Colorado River Basin Solutions
“Our report showcases the ‘All-Star’ water solutions - actions that are proven, cost-effective and ready to meet our current and future water needs,” said Bart Miller, Water Program Director at Western Resource Advocates.
Western Resource Advocates Joins with American Rivers to Release Groundbreaking Report Recommending Innovative Solutions Eliminating Western Water Shortages in the Colorado River Basin
On July 17 2014, Western Resource Advocates joined with American Rivers to release a new report that identifies conservation, reuse and other innovative solutions that could eliminate Western water shortages stemming from the over-taxed and stressed Colorado River. The report defines five cost-effective and clearly defined solutions that - if implemented at a larger scale across the basin - could meet the water needs of the West's business, agricultural and growing population through 2060.
The Hardest Working River in the West: Common-Sense Solutions for a Reliable Water Future for the Colorado River Basin provides a comprehensive package of proven methods to conserve water.
The new report estimates that 4.4 million acre-feet of water could be saved and made available for other uses if these proven methods are implemented throughout the basin - more than enough water to meet projected growth in water needs in Arizona, California, Colorado, Nevada, New Mexico, Utah and Wyoming, for the next half-century.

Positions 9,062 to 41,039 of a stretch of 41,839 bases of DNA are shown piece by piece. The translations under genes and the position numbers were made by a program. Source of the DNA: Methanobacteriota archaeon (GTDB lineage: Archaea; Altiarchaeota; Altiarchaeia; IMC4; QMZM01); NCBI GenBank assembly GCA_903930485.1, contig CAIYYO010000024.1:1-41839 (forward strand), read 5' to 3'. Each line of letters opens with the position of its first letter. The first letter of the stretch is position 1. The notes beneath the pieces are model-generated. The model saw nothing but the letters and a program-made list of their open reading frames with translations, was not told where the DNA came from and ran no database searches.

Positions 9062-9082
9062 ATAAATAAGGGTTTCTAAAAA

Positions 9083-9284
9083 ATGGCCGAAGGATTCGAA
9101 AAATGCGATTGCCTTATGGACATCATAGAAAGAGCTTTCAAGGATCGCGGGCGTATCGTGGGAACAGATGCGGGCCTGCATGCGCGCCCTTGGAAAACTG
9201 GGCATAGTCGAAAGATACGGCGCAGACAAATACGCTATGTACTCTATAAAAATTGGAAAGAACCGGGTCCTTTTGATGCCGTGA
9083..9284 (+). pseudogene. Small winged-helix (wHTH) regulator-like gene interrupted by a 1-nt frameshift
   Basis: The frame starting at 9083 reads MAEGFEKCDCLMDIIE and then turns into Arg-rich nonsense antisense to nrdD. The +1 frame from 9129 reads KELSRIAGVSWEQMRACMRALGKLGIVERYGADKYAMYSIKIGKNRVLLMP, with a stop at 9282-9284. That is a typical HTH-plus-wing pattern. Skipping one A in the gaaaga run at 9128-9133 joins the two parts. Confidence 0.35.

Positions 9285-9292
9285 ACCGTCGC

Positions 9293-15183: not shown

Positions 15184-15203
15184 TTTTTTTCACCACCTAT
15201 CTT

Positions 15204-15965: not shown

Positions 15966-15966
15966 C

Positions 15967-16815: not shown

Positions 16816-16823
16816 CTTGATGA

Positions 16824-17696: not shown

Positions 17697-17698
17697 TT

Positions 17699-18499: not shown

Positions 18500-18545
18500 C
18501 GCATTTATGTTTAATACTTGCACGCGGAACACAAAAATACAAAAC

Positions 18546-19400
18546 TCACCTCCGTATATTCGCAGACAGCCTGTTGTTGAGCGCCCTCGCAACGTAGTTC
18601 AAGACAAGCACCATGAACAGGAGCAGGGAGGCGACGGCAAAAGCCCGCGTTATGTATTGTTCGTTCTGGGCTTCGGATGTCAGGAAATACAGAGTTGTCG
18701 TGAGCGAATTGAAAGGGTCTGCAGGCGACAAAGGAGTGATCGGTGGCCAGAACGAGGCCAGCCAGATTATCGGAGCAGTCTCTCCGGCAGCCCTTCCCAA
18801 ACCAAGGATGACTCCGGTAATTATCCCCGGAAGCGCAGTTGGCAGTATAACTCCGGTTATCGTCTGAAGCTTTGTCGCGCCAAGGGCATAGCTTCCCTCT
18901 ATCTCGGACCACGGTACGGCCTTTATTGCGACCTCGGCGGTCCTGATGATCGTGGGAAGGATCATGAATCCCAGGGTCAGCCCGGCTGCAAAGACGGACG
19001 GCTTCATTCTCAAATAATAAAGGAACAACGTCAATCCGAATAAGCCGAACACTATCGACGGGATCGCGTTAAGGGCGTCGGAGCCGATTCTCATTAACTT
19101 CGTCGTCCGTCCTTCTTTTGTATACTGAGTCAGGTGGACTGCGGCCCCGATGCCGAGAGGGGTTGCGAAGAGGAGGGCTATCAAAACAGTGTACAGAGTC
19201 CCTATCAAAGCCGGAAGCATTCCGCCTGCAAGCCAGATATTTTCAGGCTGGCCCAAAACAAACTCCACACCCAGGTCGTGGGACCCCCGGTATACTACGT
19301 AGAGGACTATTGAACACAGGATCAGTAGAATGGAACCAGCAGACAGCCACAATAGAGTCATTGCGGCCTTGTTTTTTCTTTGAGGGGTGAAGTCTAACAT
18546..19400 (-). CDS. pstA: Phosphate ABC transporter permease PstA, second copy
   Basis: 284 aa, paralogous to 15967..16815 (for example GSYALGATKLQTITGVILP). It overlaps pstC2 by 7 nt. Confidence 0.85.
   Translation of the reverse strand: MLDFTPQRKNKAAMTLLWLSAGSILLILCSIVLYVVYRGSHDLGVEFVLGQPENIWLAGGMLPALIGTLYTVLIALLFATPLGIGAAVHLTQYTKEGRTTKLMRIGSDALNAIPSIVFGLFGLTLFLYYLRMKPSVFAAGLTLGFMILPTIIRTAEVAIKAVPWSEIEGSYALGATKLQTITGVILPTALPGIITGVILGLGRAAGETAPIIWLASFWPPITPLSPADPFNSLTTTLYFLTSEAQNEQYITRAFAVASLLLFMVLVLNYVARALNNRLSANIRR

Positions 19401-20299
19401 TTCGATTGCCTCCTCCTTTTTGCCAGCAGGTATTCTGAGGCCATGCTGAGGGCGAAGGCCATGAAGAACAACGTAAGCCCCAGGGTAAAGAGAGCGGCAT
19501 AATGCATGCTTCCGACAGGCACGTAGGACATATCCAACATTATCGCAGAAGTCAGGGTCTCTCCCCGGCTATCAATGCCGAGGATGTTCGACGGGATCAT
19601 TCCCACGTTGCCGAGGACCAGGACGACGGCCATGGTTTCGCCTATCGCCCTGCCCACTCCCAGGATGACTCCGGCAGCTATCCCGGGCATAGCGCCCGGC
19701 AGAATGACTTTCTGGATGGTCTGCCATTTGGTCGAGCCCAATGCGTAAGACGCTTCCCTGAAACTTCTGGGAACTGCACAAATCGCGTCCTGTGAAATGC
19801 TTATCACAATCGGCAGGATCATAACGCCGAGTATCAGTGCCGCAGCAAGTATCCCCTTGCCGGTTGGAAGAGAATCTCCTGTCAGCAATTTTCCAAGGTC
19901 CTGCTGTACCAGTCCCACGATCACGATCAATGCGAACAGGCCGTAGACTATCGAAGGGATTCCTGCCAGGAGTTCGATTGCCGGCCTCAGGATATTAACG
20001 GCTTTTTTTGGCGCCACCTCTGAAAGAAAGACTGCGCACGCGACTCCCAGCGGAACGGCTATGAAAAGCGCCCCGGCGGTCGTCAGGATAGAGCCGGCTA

This report comes at a critical time for Western States with record droughts, depleted reservoirs hitting all-time lows, and a growing population increasing water demands.
“Our report showcases the 'All-Star' water solutions - actions that are proven, cost-effective and ready to meet our current and future water needs,” said Bart Miller, Water Program Director at Western Resource Advocates. “The fact is, there is a lot of concern about the Colorado River right now but these solutions will work and help everyone - from agriculture to growing cities -
“There is a widening water gap creating 3.8 million acre-feet of additional water needed to meet the needs of the growing population of the West. This is an enormous amount which, if not carefully managed, could deplete the river and dramatically alter the landscape of the seven basin states,” said Matt Rice, Director of Colorado Basin Programs for American Rivers. “These solutions will ensure the river’s resources meet all future water needs for urban, rural, business and agricultural communities across all seven basin states, while still protecting the natural environment of the West.”
The five critical steps for solving our current and future water shortages are:
- Municipal conservation, saving 1.0 million acre-feet through such efforts as improved landscaping techniques, rebate programs that incentivize water-saving devices and standardized water audits
- Municipal reuse, saving 1.2 million acre-feet through gray water treatment and re-use for irrigation, industrial uses and other purposes
- Agricultural efficiency and water banking, saving 1.0 million acre-feet via voluntary, compensated improvements in irrigation efficiency and technology, crop shifting and other measures (while avoiding permanently taking agricultural lands out of production)
- Renewable energy and energy efficiency, saving 160 thousand acre-feet using wind, solar PV, and geothermal energy solutions, and new water-efficient thermoelectric power plants
- Innovative water opportunities, generating up to 1.1 million acre-feet through creative measures such as invasive plant removal, dust-on-snow mitigation and targeted inland desalinization.